I have a folder containing images taken by a drone of a construction site. I have to convert those images into GeoTIFF.

For GeoTIFF conversion I know gdal_translate is used to do this task, but the problem is how I get or know the coordinate system of images taken by drone, so that I can convert images into proper GeoTIFF.

Is there any procedure to follow and solve this problem using Python GDAL bindings?

I used pix4dmapper to geo-referenced drone images, but now i want to make my own tool to perform this task so thats why i am asking all this.

EXIF Information of image:enter image description here

  • I'd go for manual georeferencing to a CRS of your choice. – Erik Jan 29 '18 at 11:38
  • I want to automate this georeferencing process. – Salman Ahmed Jan 29 '18 at 11:43
  • If are Geotiffs, must own reference system or boundary box. If not, is a Tiff with the central coordinate in WGS 84 in the metadata and you need to georeference files – aldo_tapia Jan 29 '18 at 12:19
  • When the position and altitude of the drone and the view angle of your (rectilinear) lens is known, it should be possible to calculate the corner points with simple math. But in reality it won't work too well because of some lens distortion or because the drone will not look down 100% vertically. A lot of manual work will be involved. You could try the local UTM zone as projection. – pLumo Jan 29 '18 at 12:32
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    @Sergey N: Exif Coordinates != georeferencing an image – pLumo Jan 29 '18 at 14:45

The coordinate system (actually the Spatial Reference System) is more than likely WGS84, because it's the default system for all GNSS systems.

This, however, is not all that is needed to georreference the images. You also need each image's corner coordinates, and here is where the problem lies. The lat/lon present in the images' EXIF are the drone's position when the image was taken. You'd first need to translate it to the image's central pixel's coordinate (given the drone's rotational parameters from its IMU and the height). Then you'd need to get the camera's calibration parameters to generate the corner coordinates. Do that for each image taken.

Quite the time-consuming and error-prone task, and that is considering you have access to necessary flight parameters. Easier is to ask the drone manufacturer directly and see if they have some native software for processing these images, or see if your drone is compatible with 3rd party software, such as Pix4D.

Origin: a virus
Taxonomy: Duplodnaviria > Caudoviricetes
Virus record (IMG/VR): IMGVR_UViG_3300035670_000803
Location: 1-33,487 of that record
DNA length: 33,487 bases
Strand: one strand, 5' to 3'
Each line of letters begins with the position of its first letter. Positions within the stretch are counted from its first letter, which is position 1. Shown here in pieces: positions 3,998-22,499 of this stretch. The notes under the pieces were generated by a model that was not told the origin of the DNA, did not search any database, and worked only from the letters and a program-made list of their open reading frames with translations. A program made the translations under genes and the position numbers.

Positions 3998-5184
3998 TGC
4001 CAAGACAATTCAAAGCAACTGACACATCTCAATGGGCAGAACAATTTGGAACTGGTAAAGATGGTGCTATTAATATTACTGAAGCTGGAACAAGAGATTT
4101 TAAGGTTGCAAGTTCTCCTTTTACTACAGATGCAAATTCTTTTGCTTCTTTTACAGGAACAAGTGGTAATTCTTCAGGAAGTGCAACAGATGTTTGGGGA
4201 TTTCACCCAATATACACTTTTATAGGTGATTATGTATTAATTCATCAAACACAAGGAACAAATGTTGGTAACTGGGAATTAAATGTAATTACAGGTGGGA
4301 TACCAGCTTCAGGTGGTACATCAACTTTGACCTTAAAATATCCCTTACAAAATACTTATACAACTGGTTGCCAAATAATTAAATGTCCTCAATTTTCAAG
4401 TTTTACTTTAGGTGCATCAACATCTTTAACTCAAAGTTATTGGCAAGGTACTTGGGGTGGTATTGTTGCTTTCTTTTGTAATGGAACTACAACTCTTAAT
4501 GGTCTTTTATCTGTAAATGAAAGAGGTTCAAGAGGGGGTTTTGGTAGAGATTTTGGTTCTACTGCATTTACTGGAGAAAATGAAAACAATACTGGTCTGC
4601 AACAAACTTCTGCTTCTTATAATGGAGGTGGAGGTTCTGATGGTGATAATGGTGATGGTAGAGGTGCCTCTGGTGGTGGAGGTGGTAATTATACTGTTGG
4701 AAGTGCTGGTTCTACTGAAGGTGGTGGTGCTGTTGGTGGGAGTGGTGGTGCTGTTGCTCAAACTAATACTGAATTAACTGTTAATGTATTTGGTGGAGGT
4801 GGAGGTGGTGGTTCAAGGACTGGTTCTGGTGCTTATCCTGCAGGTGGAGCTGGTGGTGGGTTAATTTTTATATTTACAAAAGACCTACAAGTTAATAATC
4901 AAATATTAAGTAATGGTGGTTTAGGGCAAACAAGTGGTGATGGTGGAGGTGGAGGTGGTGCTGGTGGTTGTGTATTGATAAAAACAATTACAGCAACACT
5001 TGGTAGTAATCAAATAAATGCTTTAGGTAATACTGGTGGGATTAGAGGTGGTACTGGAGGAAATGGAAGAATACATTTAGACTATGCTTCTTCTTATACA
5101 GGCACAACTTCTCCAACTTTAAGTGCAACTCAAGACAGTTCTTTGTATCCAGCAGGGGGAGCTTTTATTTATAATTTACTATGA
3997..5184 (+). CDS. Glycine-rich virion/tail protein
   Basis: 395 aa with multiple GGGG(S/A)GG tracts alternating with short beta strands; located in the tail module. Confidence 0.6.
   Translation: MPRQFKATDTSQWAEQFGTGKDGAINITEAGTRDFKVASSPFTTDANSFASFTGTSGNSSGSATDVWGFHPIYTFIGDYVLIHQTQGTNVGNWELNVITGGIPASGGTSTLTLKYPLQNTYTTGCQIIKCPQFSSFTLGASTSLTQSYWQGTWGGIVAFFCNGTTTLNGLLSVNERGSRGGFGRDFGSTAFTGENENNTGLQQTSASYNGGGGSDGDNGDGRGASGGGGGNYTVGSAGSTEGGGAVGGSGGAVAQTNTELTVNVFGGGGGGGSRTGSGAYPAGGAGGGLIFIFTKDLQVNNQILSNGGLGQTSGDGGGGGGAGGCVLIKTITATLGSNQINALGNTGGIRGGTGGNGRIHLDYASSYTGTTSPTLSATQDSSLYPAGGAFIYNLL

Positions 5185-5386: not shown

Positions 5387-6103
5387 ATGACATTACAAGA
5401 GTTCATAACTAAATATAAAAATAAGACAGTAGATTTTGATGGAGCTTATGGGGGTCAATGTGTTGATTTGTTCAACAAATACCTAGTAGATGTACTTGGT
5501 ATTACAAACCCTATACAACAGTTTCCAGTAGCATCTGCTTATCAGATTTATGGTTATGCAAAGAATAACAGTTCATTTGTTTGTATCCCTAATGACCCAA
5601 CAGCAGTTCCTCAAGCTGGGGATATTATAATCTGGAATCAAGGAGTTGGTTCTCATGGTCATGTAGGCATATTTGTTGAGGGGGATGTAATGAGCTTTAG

As an alternative, you may first mosaic all the images into one full-area image, then collect ground control points (using a handheld GPS would be fine, as your drone GNSS does not have better precision than that), and then manually georreference the whole image in QGIS or any other software.

You may follow this tutorial on how to do that. Just remember to grab photo-identifiable points, and to get a good amount of them, covering the entire span of the area (the closer to the edges of the image, the better).


As a couple people pointed out in comments, you do not have enough information in the metadata to georeference these images automatically. The lat/long coordinates you have are most likely the coordinates where the camera/drone was located when it took the picture. If the drone was flying level and the camera was pointed straight down, then those coordinates are the center of your image. But you still don't have any coordinates for the edges or corners of the image, which means you can't georeference automatically in the way you're asking.

Depending on the drone, you may be able to extract georeferenced imagery from it using software provided by the manufacturer or with a third-party software package like Drone2Map. But you can't georeference them automatically with just the EXIF data. You could do it manually in GIS.

  • I used pix4dmapper to geo-referenced drone images. But now i want to make my own tool to perform this task so thats why i am asking all this. – Salman Ahmed Jan 30 '18 at 17:48

There is a big difference between trying to georeference individual images and creating orthomosaics.

  • Individual images have distortion due to lens curvature and each pixel in the image represents a different measurement on earth. Even if you position, scale and rotate a single image (affine transformation) it will not be very accurate.
  • The alternate approach is to put all your images into a photogrammetry engine and obtain a single orthomosaic where the pixel values of each cell are spatially consistent and accurate.

Various options include Pix4D mentioned above, WebODM, Civil Tracker, Metashape, MicMac etc. depending on how much you want to do vs. have done for you.

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